On 30 July, the destroyer HMCS Athabaskan received orders to close with the Katie about 225 kilometres off Newfoundland, in international waters, and maintain visual contact with her. The following day, the frigate HMCS Montreal joined Athabaskan. At 1:45 pm on 3 August, fourteen sailors boarded Katie in a helicopter-borne assault from a Sea King, led by Captain Drew Robertson, during which the crew of the Katie offered no resistance.Captain Khlebnikov would later complain the boarding of the ship was “dangerous” and described the boarding as an “attack”, although Captain Robertson had observed that the Katie began erratic, evasive maneuvering after being warned of the imminent boarding.
I Spoke with Capt. Doug Keirstead of Marlant today. He informed me a Engineering Assement team and a repair team were enroute to assess the ship, affect repairs and update the tow risk Assesment. Once the ship returns to Halifax, A more detailed survey will be completed.
Capt. Keirstead informed me that the priority is the safe return of the Vessel to Halifax. The Towing contract is the responsibility of Public Works, and they are evaluating options for the return tow.
The Sydney NS port Authority is reporting Tugs Atlantic Elm and Fir In Sydney. Both were recently in Quebec, But may have been assigned to bring the Athabaskan back to Halifax..
UPDATE 04/01: Shipfax is reporting Ocean Tugs have headed for home. The Speculation is that Atlantic Towing Dispached their tugs based on the assumption that the contract would be re-tendered. Photo (left) courtesy Sydney Port Authority via twitter.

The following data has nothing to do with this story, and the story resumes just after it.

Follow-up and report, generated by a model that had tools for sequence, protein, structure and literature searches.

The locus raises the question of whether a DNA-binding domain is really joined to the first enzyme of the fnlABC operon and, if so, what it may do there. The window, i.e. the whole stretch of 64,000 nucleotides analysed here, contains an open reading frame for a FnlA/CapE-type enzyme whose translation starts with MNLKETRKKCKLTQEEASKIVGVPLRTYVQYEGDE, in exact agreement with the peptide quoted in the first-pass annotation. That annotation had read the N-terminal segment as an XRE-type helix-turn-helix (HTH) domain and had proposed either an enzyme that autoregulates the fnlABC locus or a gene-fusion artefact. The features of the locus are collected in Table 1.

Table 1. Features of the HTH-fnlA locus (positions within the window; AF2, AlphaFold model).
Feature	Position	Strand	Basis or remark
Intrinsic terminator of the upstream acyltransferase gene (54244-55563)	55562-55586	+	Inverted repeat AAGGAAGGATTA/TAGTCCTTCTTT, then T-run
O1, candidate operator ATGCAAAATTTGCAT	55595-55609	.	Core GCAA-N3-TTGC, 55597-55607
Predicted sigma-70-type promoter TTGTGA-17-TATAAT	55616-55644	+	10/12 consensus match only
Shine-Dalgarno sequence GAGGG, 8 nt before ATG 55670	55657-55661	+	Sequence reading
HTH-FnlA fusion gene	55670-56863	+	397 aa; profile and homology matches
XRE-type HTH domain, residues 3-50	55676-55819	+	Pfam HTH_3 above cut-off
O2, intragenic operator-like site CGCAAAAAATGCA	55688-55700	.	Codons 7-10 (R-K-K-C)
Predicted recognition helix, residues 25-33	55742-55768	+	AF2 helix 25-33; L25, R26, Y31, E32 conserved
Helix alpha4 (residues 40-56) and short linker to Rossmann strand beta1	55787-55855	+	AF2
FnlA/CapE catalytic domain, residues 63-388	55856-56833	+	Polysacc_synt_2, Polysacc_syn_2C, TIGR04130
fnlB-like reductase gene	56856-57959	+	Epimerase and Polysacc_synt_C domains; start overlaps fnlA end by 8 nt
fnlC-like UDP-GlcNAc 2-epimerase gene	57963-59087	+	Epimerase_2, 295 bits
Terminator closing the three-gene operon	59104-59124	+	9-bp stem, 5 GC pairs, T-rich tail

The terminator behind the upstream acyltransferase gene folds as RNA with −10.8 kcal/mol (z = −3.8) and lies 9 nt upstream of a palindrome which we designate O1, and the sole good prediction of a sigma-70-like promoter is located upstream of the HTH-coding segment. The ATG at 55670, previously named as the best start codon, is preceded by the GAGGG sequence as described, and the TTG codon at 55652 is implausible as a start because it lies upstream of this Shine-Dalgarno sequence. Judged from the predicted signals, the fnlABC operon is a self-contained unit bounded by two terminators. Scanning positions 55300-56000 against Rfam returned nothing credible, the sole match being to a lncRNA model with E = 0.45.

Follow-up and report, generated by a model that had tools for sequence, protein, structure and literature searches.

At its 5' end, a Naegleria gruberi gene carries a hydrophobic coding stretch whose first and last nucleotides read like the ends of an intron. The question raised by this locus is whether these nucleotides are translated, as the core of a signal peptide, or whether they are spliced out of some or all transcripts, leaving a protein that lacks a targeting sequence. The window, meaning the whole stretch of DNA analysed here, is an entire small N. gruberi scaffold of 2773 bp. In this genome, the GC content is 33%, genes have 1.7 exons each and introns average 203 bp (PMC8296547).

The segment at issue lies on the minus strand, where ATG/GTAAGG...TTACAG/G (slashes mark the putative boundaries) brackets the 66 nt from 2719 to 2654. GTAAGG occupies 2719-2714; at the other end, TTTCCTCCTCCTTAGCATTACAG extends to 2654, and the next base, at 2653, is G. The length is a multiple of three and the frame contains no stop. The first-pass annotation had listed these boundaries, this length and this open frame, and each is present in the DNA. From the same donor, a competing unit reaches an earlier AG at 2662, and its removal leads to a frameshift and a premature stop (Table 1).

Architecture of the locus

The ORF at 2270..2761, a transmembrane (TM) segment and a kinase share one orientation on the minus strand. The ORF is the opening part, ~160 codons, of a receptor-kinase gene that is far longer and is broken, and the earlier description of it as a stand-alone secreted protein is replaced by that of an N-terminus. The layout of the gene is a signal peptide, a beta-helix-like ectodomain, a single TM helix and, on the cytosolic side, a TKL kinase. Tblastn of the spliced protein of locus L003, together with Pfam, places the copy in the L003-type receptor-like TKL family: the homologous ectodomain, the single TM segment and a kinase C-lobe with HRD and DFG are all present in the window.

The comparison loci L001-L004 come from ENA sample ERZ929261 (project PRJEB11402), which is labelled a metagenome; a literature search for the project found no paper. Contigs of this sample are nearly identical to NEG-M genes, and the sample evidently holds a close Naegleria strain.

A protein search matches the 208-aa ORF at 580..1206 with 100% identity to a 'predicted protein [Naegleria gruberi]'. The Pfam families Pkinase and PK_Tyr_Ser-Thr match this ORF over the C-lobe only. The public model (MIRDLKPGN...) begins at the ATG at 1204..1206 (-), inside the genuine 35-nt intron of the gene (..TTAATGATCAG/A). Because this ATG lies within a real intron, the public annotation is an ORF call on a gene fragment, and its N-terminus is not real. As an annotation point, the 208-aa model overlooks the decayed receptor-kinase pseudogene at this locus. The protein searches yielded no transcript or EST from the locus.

Addtional update from shipfax – there may have been contact and Athabaskan has been damaged. Read more here and Here which has addtional photos of the damage.
UPDATE 01/01/13: I have received confirmation from a source that there are punctures on the port side of the hull, near the Numbers. Shipfax has the photos
UPDATE 02/01/13: Shipfax is reporting Atlantic Towing will be completing the tow and has tugs in Sydney. They have a good synopsis here
CBC news is reporting “The Iroquois-class destroyer, which is currently docked in North Sydney, has at least seven holes in its hull along with several dents and scrapes. It also appears the ship’s frame may be warped along the waterline. The Royal Canadian Navy declined to comment to CBC News about the extent of the damage.“ the story included this video of the damage
Capt. Doug Keirstead, a spokesman for Maritime Forces Atlantic, said there was no one on the ship at the time, but there were people on the tug.
He said the line was reconnected with the help of a Cormorant helicopter from the airbase in Greenwood, N.S.
“One of the crew members who was on the tug was lowered down to Athabaskan to reconnect the line, as was a member of the tug’s crew,” Keirstead told CBC News on Sunday.
Athabaskan was in St. Catharines, Ont., for a refit. It was on its way to Halifax for the winter when it went adrift.
Once the line was reconnected, the ship was towed to Sydney to wait out the current winter storm. It’s not known when it will resume the journey to Halifax.